DUBLIN (Reuters) - Ireland's prime minister in-waiting Enda Kenny will again press for a cut in the cost of an EU rescue package when he meets with German Chancellor Angela Merkel this week.
Merkel on Wednesday cast doubt on the incoming Irish government's hopes of significantly renegotiating the terms of an 85 billion euro rescue it received from the European Union and the International Monetary Fund in December.
Merkel said Europe could not "artificially reduce interest rates."
But Kenny told Reuters on Thursday that he would raise Dublin's concerns about the average 5.8 percent rate on some 40 billion euros plus of EU loans at a meeting of EU leaders who belong to the European People's Party in Finland this week.
"Obviously we'll be dealing with that in Helsinki on Friday," Kenny said on his way to talks between his center-right Fine Gael party and the center-left Labor party over forming a coalition government.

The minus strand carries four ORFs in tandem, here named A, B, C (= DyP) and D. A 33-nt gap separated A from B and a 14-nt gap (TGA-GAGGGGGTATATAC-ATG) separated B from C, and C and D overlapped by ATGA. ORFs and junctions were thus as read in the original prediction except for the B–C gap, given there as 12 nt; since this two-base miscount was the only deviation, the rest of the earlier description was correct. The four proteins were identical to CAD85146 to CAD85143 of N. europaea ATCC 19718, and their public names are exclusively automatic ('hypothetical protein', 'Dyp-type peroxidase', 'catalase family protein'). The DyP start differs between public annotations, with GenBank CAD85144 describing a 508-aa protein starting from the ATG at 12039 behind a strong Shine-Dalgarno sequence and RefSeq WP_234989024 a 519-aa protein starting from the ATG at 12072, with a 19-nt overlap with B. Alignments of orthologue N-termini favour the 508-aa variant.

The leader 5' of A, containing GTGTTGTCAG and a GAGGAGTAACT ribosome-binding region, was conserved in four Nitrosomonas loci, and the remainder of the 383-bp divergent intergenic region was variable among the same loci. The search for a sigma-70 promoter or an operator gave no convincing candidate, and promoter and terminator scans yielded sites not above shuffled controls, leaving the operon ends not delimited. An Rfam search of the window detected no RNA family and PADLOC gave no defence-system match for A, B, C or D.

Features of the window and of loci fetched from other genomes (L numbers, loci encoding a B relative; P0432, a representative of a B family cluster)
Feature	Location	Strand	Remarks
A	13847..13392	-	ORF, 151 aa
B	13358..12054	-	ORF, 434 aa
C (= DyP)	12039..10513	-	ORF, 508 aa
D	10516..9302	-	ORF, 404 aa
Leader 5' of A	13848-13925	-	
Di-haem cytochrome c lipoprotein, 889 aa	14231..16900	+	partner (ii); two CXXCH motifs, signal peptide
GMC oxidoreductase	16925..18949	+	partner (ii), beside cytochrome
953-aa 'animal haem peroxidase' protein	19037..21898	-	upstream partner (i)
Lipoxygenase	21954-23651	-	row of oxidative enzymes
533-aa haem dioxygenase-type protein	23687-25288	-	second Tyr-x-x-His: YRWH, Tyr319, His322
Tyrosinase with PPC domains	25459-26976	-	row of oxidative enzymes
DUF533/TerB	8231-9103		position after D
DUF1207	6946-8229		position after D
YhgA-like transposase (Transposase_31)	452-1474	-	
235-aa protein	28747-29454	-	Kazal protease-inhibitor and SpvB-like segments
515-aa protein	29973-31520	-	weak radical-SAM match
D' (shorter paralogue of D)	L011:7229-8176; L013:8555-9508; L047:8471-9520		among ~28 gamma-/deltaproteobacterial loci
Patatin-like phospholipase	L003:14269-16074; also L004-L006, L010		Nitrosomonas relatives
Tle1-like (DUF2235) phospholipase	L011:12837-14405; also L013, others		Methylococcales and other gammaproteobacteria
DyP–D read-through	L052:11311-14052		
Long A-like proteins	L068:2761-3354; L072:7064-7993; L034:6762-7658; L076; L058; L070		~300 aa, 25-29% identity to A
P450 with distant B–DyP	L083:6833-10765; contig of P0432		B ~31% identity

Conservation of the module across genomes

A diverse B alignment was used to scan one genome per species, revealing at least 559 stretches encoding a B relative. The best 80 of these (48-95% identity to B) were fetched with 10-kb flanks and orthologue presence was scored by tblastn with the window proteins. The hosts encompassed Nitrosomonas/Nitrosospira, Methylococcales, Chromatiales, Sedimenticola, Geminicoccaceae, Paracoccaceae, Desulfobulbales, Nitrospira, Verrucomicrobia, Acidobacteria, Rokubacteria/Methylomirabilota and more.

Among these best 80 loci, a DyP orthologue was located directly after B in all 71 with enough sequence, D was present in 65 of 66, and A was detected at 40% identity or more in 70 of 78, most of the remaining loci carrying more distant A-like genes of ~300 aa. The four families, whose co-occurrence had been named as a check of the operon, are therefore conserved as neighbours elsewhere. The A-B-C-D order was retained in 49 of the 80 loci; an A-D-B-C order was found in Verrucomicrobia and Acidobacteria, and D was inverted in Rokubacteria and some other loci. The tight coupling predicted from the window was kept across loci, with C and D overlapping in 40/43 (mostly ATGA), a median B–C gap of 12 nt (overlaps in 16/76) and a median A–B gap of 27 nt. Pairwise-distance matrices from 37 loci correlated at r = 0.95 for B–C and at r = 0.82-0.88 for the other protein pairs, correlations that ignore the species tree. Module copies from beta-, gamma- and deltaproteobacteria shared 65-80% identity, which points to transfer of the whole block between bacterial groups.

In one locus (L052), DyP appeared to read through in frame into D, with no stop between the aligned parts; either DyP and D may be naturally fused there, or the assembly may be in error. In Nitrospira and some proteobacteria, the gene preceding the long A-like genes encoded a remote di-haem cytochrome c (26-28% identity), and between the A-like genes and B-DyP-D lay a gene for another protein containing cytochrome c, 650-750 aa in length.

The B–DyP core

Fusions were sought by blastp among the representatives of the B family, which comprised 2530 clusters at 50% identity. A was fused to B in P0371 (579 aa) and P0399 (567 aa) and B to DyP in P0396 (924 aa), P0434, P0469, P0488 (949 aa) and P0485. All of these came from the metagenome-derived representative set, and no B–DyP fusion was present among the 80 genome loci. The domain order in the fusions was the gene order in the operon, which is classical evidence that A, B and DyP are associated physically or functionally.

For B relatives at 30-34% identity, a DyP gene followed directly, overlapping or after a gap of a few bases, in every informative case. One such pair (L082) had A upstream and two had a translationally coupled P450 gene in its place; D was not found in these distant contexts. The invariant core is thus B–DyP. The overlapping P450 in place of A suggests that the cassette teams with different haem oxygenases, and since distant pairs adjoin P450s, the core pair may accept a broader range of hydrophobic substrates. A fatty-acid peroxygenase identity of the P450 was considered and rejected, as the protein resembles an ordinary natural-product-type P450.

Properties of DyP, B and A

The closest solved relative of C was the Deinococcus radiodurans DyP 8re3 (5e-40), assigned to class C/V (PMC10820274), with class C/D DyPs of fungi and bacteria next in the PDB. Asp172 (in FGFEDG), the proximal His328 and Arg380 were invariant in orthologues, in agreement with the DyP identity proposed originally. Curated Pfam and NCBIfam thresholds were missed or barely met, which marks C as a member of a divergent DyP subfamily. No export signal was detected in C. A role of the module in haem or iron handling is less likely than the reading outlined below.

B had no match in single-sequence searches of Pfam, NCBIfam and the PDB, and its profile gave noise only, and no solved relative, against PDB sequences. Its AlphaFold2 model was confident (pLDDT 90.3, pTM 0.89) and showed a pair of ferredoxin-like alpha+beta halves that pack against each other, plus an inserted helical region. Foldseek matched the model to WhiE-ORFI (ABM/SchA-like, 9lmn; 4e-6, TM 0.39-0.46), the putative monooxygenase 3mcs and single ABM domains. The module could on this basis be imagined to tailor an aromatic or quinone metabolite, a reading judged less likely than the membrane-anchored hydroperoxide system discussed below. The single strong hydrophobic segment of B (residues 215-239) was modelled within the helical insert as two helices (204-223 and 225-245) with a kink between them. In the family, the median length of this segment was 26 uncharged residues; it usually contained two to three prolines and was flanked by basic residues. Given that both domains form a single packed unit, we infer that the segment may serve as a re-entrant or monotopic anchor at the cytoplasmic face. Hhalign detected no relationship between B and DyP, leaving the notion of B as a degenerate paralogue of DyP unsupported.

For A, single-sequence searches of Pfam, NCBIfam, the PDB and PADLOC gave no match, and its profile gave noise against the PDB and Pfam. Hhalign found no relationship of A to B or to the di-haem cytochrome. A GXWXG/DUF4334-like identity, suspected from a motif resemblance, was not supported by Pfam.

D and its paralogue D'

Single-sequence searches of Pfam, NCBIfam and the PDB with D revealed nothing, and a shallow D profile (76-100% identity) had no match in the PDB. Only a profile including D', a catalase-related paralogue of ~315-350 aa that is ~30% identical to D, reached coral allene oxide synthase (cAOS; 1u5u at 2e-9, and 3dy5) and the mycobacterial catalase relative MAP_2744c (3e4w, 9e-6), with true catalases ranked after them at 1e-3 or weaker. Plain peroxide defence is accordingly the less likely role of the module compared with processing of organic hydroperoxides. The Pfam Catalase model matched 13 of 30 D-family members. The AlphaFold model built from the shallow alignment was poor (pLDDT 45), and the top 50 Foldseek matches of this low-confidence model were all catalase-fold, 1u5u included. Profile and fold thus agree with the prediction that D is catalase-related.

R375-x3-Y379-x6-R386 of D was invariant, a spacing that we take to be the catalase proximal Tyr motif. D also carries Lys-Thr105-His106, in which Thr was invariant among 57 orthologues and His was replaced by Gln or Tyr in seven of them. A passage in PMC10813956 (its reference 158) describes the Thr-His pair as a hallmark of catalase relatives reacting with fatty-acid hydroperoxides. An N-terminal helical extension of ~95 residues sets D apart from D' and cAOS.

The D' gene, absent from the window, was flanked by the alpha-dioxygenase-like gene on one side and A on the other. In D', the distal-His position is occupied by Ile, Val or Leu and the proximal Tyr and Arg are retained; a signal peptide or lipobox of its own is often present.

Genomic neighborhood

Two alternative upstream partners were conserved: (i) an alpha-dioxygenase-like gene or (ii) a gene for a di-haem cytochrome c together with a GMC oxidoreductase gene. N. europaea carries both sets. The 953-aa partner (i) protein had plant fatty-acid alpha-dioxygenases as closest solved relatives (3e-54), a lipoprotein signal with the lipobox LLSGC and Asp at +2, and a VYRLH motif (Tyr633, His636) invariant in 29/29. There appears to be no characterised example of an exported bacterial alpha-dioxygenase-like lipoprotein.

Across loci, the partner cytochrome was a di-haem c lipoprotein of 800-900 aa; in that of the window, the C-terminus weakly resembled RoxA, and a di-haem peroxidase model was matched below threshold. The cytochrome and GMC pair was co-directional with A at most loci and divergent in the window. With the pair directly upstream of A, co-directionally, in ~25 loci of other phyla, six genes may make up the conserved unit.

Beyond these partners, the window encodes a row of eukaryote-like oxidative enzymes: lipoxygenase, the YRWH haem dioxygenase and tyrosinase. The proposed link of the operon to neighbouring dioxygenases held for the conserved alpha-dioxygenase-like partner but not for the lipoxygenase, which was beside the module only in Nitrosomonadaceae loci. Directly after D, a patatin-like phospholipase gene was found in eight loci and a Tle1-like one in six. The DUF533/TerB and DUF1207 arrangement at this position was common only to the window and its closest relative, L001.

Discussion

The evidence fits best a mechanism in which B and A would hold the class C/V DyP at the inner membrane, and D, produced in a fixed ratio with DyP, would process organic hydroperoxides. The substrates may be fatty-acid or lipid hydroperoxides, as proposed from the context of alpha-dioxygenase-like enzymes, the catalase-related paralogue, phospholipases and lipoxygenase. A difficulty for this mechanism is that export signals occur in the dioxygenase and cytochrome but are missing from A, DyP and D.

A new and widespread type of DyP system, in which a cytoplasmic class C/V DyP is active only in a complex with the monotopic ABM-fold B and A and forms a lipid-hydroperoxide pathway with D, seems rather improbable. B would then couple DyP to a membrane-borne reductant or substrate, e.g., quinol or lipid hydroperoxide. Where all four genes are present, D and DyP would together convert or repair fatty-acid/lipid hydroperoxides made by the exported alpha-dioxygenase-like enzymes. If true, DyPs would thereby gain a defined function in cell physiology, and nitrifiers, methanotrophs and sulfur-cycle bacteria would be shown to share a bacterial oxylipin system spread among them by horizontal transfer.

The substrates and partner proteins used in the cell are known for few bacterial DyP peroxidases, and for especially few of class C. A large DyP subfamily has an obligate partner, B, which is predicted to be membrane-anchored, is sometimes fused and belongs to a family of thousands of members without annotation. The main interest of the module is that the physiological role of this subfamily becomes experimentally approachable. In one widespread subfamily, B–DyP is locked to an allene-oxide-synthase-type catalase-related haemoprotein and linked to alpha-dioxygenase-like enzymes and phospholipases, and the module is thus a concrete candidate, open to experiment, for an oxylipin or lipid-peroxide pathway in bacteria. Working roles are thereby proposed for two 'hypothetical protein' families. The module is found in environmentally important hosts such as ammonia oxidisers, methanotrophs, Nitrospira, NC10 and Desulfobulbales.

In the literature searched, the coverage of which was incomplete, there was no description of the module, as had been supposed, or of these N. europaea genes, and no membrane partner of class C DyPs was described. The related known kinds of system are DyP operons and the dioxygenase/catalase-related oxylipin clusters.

Merkel said on Wednesday that if Ireland had problems with the interest rates, she would consider the issue, but there were benchmarks. Dublin could not expect to pay less for rescue loans than Portugal paid to refinance itself in the market, she said.
"We made our position very clear to President Barroso and the Chancellor."
Kenny said he expected to have a private meeting with Merkel on the sidelines of the EPP summit in the Finnish capital.
"I'll certainly get a few minutes," he said.
However, a German government source cautioned that a one-on-one meeting might not be possible given tight schedules.
"In Helsinki there is very little time for any bilateral meeting. So it is not certain that a meeting with Kenny will be possible," said the source.
(Reporting by Carmel Crimmins; editing by Ron Askew)